Advocates of licensed spectrum warn darkly that unlicensed spectrum suffers from the Tragedy of the Commons – that is, the over-exploitation of a shared resource because individuals get the benefit of anti-social over-consumption, while everyone suffers the cost.
The true tragedy of the spectrum commons arises from the collective action dilemma. When all benefit from the existence of a good, and every individual’s contribution to creating it is small, everyone will wait for someone else to do the work of production. Less of the good – unlicensed spectrum, in this case – will be produced than would be optimal.
Many companies (not to mention the citizenry at large) would benefit from generous unlicensed spectrum allocations. However, the impact that any single entity can have in making the case is relatively small. Further, since no-one would have exclusive access to this spectrum, any successful lobbying to get such spectrum would benefit the world at large, particularly those who sat on their hands and did nothing.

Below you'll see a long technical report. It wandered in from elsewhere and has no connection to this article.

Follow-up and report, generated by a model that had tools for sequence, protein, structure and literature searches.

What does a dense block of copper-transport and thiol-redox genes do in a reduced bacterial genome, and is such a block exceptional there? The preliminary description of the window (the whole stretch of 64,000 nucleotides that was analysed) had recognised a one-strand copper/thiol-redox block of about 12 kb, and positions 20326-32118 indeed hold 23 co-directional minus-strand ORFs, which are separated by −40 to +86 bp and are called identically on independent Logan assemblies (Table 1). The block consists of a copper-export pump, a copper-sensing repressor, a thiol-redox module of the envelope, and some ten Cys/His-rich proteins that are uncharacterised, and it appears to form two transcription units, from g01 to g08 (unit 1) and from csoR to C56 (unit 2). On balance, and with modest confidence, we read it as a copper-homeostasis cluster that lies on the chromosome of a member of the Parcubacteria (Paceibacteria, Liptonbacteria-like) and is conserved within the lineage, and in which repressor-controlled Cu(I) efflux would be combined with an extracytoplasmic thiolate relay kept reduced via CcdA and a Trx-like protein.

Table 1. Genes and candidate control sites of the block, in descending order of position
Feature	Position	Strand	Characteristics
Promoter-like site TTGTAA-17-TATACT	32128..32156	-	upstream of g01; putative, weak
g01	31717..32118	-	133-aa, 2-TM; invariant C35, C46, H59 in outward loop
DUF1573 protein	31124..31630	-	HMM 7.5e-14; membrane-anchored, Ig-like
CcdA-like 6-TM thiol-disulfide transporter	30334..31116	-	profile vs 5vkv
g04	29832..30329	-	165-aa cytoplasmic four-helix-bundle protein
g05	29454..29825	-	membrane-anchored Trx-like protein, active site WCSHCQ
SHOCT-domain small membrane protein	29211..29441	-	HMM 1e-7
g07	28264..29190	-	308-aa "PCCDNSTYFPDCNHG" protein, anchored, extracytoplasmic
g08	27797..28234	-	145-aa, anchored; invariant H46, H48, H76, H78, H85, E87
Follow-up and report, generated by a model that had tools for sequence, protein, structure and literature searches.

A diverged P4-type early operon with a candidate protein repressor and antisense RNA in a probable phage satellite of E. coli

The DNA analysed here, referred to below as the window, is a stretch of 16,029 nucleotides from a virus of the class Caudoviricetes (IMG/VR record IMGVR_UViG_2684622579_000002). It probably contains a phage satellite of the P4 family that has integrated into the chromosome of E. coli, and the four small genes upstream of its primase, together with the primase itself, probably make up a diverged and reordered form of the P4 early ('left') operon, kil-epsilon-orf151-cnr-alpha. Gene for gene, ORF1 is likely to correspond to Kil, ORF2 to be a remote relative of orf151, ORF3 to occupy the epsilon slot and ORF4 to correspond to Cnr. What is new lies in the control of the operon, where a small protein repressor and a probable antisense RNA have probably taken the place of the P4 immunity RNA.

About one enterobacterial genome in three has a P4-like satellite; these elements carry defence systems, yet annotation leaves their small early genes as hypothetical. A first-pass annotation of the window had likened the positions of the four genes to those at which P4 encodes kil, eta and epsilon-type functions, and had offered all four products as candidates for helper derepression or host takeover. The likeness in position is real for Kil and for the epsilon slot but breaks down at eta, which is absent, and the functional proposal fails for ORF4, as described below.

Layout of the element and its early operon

Licensed operation, in contrast, is the preserve of relatively few players. Any lobbying they do to increase the amount of flexible-use spectrum is to the advantage of a relative small group of spectrum owners.
One would predict that there would be much less unlicensed than licensed spectrum; and that unlicensed would lose out from licensed in a lobbying fight. Jim Snider provides this data in a paper making the case for unlicensed allocations in the TV bands:
- There is more than six times as much spectrum allocated to flexible licensed use as to unlicensed below 3 GHz (683.5 MHz vs. 109.5 MHz)
- Reallocations of spectrum since 2002 have been biased against unlicensed: licensed gained 489.5 MHz, and unlicensed lost 20 MHz.
A regulator like the FCC should therefore allocate more to unlicensed than the lobbying record might justify, to make up for the under-provision that’s inherent in such collective goods.